In previous joint investigations with Der Spiegel and The Insider, Bellingcat identified the killer of a Georgian-Chechen asylum seeker in Berlin, Zelimkhan Khangoshvili, as Vadim Krasikov, a 54 year old Russian linked to at least two contract hits in Russia.
Using metadata from Krasikov's telephone communications prior to the murder, journalists determined that the Berlin hit job was planned and supervised by senior members of FSB's secretive Spetsnaz division Vympel, tasked with overseas subversion and special operations, Bellingcat reports.
Retracing Krasikov’s movements in Moscow in the weeks before his trip to Berlin, the probe established that he received extensive pre-mission training at FSB's Spetznaz training base outside Moscow, and repeatedly visited FSB's anti-terrorist headquarters, leaving little doubt that the Berlin assassination was mandated by Russia's main intelligence agency.
In the meantime, Bellingcat has discovered additional evidence pointing to the likely role of accomplices assisting in the plotting and the getaway plans following the assassination in Berlin.
On April 14, 2020, Ukraine's security service (SBU) announced the arrest of Lt. General Valeriy Shaytanov, deputy chief of their own anti-terrorist division. In a public statement, the SBU alleged the general had been recruited before the start of the 2014 war by an FSB operative, Colonel Igor Egorov, a highly decorated KGB, and later FSB, officer who had received a medal for his role in annexing Crimea in 2014.
The SBU's announcement also included audio recordings of conversations between Shaytanov and Egorov, and a third unnamed person whom they appeared to be grooming for a contract killing of a Chechen national living in Kyiv.
The SBU also published footage from apparent video surveillance of the latest meet-up between Col. Egorov and the would-be contract killer, which the SBU says took place in Hamburg, Germany, in February of this year.
Bellingcat and The Insider had previously identified – but had not yet publicly disclosed – Col. Igor Anatolyevich Egorov as a senior officer from FSB's elite Spetznaz force known as Department V, the successor to the KGB's elite subversion and special operations unit Vympel. In previous investigations into the role of GRU undercover officers in supervising and aiding Russian and Russia-controlled forces in Eastern Ukraine, journalists had stumbled upon this person, who in 2014 and 2015 had traveled extensively – under two different identities – as Igor Egorov (his real name), and as Igor Semyonov (his cover name), between Moscow and the three control centers for Russia's military operations in Donbas: Rostov, Simferopol, and Krasnodar.
In May 2018, Bellingcat identified and publicly disclosed the identity of one of the key Russian military supervisors in Donbas, who had operated under call sign "Orion”. This operative was Oleg Ivannikov, a colonel from Russian military intelligence (GRU). An FSB counterpart to GRU's "Orion" based in Donbass in mid-2014 went by the nom-de-guerre “Elbrus” (the FSB and the GRU are known to be in long-standing cold war for funding, influence and "new territory").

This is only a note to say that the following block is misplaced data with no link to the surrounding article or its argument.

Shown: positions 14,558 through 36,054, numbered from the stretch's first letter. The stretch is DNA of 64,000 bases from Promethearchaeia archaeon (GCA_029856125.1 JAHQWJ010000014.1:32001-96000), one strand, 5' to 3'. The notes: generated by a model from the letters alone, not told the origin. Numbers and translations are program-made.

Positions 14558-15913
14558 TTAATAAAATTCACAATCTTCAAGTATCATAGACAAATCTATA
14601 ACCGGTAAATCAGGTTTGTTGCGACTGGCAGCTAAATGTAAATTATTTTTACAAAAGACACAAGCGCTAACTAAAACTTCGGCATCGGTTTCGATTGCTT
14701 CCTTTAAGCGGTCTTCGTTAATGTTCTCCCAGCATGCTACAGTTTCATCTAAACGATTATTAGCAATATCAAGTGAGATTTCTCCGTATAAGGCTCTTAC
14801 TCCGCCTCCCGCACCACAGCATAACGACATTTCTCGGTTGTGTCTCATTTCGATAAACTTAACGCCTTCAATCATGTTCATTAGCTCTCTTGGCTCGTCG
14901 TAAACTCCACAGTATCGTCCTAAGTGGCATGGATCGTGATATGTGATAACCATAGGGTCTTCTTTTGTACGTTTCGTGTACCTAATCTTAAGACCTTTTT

Bellingcat's early hypothesis that Col. Egorov is in fact "Elbrus" received a strong boost when in November 2019, a number of intercepted phone calls was published from the days just before the downing of flight MH17, which contained conversations between Donbas militants. In one conversation intercepted the day before the MH17 downing, "Elbrus" was described as an officer from FSB’s Vympel Spetsnaz, named Igor, who had a speech impediment, which can also be identified in the audio recordings of Egorov published by the SBU.
Also, it became clear that Elbrus had been brought in from Russia with a decision-making role above local commanders in the military chain of command. Given that his arrival was just prior to the tragic shoot-down of MH17 by a Russian BUK missile, such role makes Elbrus a person of interest in the MH17 investigation, which would explain in part the publication of the intercepts by the JIT.
Despite the fact that Col. Igor Egorov played a crucial role in the annexation of Crimea and in Russia's incursion into Eastern Ukraine – both of which are unlawful under international law – he remained unbothered by Western law enforcement or intelligence services, having crisscrossed the European Union, and traveled to the Middle East and Asia on almost a monthly basis.
There is uncertainty as to the degree of coordination between the Ukrainian security service and European law enforcement or intelligence services in relation to the SBU sting operation. Ukrainian sources interviewed by investigative journalists on condition of anonymity have claimed that Ukraine had requested Egorov’s arrest during his latest visit to Hamburg but that Germany declined to detain him. Both Ukrainian and German sources claim that the sting operation were conducted jointly, and the video surveillance was implemented by a German intelligence service.
The diverging opinions emerge on the subject of why Egorov was not arrested. One theory proffered by a German law-enforcement source is that there were plans to arrest the FSB colonel during his next trip, when he was expected to be procuring the cash for the Ukrainian hit job. This trip did not materialize, however, due to the impending coronavirus crisis and restrictions on movements.